We all know that submitting a contact form, requesting a demo or consultation/review is a clear interaction and digital buying signals. However, we believe these to be verbal or explicit. The following, however, are more subtle and implicit buying signals that can be tracked (at the individual level) using marketing automation software:
1. Repeat visits to your pricing page is the one of the clearest website interactions that indicates a buying decision.
Learning the price/cost involved is an obvious steppingstone in the sales process, one that has value to qualifying a prospect. Finding out the price up front, you are using it as a pre-qualifier. If someone checks your price and never returns, they’ve disqualified themselves – saving your sales team time. If a prospect checks your pricing page and then views more pages (and/or is a repeat visitor) they positively qualified themselves for next steps.
2. Navigating through a visitor flow that simulates your 3-5 call sales process.
This means content like your pitch video, about us page, features and benefits pages, webcasts, contact page, testimonials and services pages. All of these pages support buying decisions and were once part of the introductory sales pitch. Now that buyers are self-educating, you can map their online interactions to your traditional sales process and starting checking off buying signals they need to see and understand before moving forward.
3. Returning to your website through natural search.
If it’s a branded search, this shows they remember you enough to naturally look for you again. Checking the pages they view during this return visit can provide even more insight into their buying stage. If an identified prospect returns to your site through non-branded natural search (and the keyword is unavailable as much of it is today), it still shows a buying signal as they are in an active state of research (multiple visits). Again, deep dive into the specific pages from this return visit to better understand where they are.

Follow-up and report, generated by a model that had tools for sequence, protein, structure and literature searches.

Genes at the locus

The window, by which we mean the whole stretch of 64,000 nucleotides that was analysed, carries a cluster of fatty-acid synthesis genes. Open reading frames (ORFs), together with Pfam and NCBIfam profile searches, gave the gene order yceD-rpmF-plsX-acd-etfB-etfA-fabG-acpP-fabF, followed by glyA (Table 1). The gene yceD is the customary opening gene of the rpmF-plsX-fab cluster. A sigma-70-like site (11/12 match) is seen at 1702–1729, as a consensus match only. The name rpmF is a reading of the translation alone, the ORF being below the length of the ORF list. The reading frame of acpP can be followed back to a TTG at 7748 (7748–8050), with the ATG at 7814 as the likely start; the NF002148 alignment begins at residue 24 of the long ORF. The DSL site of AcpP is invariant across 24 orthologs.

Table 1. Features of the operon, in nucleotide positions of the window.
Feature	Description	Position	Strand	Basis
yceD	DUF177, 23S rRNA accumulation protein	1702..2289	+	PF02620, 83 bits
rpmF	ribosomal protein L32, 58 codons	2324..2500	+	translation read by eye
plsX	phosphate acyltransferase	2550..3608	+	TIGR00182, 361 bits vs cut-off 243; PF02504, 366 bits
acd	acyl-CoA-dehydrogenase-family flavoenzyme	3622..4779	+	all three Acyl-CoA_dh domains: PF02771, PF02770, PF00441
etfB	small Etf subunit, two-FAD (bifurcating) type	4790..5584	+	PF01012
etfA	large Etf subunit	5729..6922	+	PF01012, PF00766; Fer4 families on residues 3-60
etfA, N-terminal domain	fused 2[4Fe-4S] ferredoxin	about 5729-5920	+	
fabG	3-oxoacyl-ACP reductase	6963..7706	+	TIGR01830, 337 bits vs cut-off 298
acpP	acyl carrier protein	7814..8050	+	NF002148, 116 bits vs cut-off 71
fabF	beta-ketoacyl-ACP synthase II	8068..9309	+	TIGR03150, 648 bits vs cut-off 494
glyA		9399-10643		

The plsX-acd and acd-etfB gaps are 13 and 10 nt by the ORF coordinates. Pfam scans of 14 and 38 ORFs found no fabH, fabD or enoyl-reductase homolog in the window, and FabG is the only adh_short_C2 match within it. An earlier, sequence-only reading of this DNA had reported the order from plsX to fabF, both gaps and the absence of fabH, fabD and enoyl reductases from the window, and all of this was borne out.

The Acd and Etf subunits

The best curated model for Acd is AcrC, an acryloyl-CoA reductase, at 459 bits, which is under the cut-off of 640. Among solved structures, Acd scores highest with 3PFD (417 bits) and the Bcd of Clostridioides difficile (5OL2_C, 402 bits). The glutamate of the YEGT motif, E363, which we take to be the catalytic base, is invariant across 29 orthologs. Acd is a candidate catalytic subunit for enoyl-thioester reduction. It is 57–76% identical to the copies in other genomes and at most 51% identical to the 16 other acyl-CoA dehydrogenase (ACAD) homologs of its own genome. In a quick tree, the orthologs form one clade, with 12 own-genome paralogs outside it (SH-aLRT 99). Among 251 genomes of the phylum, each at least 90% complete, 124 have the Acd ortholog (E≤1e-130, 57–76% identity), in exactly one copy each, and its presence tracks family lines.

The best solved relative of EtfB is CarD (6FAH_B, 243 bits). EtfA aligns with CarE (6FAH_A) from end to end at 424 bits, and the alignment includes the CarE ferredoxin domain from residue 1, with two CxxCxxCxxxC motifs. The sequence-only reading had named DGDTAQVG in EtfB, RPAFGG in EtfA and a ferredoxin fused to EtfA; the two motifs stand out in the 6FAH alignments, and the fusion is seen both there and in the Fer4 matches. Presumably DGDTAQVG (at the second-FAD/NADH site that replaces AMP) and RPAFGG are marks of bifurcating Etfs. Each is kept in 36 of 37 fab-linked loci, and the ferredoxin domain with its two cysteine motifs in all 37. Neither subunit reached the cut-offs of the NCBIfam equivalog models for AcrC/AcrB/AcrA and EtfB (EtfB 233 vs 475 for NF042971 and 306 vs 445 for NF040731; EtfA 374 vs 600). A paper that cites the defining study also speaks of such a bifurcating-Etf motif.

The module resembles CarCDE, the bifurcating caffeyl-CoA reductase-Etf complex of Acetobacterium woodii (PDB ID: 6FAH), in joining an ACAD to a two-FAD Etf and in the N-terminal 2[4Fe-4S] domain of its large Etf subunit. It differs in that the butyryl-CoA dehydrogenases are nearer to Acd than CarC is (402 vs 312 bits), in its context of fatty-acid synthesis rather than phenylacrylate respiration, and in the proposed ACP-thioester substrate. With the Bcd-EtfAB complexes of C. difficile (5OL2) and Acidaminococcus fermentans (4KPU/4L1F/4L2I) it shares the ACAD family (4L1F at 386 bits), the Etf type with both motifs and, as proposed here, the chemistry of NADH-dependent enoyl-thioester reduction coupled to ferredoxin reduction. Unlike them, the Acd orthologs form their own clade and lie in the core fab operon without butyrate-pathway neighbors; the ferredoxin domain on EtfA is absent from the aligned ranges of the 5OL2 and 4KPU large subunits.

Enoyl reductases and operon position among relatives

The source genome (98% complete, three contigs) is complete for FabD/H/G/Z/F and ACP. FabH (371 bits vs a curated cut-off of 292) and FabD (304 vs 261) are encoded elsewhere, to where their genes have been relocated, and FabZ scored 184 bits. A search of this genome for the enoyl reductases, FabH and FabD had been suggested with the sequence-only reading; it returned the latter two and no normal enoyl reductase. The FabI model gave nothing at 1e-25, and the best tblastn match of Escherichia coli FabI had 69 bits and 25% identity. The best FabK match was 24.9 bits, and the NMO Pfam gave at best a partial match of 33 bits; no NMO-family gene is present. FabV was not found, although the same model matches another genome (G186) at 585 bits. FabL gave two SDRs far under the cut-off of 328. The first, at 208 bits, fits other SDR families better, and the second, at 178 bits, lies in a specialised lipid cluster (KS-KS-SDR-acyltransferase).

4. Viewing your company’s executives social media profiles (especially LinkedIn).
At this point, prospects are usually asking “is this person qualified, and do I want to work with them?” This is different than viewing or following your company profile, where that may only be someone wanting to continue to be educated on the space (or they are your competitor and are mining your content).
5. An email has been opened and clicked numerous (6 or more times) indicating that an item has been shared and viewed internally.
Related to this, watch for multiple hits to same piece of content over multiple days by the same prospect. Since buying decisions require multiple opinions now, these positive buying signals show that the parties that need to be involved in the sale are becoming involved.
6. Downloading case studies, especially ones where the case study is in a comparable vertical.
Viewing these case studies not only provides social proof, but also indicates the prospect wanting a deeper analysis and understanding to see that what you provide (products/services) can work for them, too.
7. Re-watching videos or specific sections of videos.
Analyzing video heat maps show when videos or sections of videos have been re-watched. To best understand this buying signal, you’ll often need to look a little deeper at the section they are re-watching to be sure that the part that was reviewed is your value prop/business case/sales pitch/specific product feature and not industry education/general info.
If you are in sales or marketing, you know by now that the buying process has changed. Prospects are self-educating online and engaging in sales once they’ve “bought” what you offer. Using marketing automation software, you can more accurately assess a prospect’s stage in the buying process through non-verbal, digital interactions with your content (“content” being a very broad categorization of emails, webpages, social profiles, etc.).